1. What are Easements?

An easement on land either gives another party certain rights over land, or gives the registered proprietor rights over someone else’s land. This right is set out on the Certificate of Title to the land (with one exception).

The most common easements on Titles are Rights of Way, Party Wall Rights and Easements for Drainage or Sewerage purposes. These easements can restrict what owners are allowed to do on certain parts of the property, for example the owner cannot build or lay a slab over drainage or sewerage easements. Permission must be sought and granted before any building work is done.

A Right of Way allows access over the land for various purposes. In a large Community Scheme there will be free and unrestricted rights of way over stairwells, pathways, corridors and lifts. A right of way may also allow a neighbor to come onto land in order to access parts of their own building.

Party Wall Rights occur where there is a shared wall, for example maisonettes and rows of townhouses. The wall is integral to both properties and so both parties have rights to it.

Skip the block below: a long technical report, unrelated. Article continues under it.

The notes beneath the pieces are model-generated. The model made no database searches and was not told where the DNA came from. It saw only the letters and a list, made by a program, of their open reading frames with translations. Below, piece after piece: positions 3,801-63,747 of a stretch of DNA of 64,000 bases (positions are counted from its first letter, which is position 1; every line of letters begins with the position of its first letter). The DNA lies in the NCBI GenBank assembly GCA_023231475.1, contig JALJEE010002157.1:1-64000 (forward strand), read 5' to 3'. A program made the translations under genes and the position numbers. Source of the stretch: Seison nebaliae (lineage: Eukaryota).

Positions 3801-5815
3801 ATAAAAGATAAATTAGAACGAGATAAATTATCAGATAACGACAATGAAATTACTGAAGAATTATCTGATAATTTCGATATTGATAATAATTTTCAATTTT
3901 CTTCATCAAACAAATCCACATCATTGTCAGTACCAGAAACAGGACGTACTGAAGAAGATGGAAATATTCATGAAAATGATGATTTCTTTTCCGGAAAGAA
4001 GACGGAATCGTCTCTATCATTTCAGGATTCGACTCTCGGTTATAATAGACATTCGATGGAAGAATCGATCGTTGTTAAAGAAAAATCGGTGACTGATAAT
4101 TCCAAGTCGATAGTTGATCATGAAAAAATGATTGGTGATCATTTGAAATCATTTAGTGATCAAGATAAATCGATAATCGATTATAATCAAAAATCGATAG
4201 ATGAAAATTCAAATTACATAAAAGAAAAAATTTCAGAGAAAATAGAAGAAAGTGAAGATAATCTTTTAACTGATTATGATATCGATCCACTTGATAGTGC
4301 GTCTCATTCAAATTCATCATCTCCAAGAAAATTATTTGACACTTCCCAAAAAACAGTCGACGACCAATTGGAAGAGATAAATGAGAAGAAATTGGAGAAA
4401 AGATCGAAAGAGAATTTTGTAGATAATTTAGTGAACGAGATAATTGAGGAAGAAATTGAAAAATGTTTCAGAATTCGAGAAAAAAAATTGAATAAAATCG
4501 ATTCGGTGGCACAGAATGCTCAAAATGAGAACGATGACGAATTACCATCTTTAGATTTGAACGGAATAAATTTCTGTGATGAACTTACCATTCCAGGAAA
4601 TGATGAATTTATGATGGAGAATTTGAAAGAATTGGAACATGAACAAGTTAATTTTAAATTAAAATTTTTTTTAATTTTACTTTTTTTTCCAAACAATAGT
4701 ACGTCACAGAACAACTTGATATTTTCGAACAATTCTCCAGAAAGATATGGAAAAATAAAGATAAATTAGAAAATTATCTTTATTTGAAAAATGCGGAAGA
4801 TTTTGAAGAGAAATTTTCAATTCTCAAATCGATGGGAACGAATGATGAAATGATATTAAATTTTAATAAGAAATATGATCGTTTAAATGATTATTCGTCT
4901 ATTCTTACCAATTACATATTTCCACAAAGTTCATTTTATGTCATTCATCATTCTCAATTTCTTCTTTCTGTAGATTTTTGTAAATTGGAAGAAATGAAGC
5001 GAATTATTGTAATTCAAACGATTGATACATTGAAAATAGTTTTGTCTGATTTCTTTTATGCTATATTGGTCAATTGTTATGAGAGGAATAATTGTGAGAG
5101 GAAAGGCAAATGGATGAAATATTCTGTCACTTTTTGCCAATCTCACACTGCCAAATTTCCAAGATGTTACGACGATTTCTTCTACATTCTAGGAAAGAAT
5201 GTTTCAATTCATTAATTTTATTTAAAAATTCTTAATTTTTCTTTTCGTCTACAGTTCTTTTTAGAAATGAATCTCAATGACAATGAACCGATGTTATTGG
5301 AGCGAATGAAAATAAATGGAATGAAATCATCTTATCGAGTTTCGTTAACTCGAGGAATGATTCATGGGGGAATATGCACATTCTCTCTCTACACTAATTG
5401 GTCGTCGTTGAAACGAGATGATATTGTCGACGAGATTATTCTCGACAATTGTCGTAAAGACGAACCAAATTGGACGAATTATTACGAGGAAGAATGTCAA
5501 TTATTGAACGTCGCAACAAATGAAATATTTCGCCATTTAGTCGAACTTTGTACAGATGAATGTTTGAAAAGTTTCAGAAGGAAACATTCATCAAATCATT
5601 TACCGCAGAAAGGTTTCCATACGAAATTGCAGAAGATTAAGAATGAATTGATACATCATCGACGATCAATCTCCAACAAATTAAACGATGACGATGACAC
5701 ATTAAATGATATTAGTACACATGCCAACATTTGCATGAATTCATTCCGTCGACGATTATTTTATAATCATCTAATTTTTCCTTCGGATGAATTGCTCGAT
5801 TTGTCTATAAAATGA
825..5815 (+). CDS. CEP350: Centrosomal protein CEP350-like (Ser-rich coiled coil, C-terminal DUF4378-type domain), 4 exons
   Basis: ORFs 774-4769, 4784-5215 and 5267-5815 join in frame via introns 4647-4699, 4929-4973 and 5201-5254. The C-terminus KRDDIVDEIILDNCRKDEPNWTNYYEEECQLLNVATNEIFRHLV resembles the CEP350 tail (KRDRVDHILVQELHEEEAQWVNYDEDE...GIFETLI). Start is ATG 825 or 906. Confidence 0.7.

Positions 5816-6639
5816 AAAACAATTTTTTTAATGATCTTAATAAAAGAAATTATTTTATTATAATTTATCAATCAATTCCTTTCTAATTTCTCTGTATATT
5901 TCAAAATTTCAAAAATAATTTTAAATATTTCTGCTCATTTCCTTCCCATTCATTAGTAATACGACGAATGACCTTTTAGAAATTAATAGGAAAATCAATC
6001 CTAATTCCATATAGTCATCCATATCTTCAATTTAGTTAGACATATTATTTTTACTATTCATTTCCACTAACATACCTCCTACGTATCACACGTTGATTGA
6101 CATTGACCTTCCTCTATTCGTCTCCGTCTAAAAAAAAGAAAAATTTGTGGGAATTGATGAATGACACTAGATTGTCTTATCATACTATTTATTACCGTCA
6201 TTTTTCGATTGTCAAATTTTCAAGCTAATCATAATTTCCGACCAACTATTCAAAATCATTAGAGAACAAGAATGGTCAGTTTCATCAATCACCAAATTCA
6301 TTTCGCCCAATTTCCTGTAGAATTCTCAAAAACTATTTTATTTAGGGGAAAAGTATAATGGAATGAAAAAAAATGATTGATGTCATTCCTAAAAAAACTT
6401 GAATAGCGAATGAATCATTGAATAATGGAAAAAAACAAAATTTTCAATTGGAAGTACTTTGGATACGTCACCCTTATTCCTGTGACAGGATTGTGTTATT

An easement which is not shown on the Certificate of Title is the Statutory Easement to SA Power Networks. All land with an electricity supply from the grid is subject to one of these easements and electricity may be delivered by poles and wires or underground. If the supply is underground, always check where the easement is located for safety’s sake.

It is important to know if there are any easements on the land before a contract is signed, and who may be entitled to access the easement for maintenance work if required. The location and dimensions of an easement are usually shown on the plan which is deposited at the Lands Titles Office. The plan can be ordered if it hasn’t been provided by the vendor. Your conveyancer should inform you of any easements on the property and what this may mean for you.



2. What is a Strata and Community Title Property?

Strata and Community Titled properties are common in South Australia. There are many things to be considered before purchasing one of these properties. There are a number of documents which should be provided by the vendor to inform a purchaser about the property they are considering buying.

Articles or ByLaws are the rules of the corporation. Owners and tenants must abide by the rules, the purpose of which is to ensure quiet enjoyment for all those who occupy the properties in the scheme. Some of the rules include how common property may be used, whether washing may be hung on balconies to dry and the number and size of pets allowed to be kept. The ByLaws may also state that quarterly levies must be paid for upkeep and administration of common property and buildings.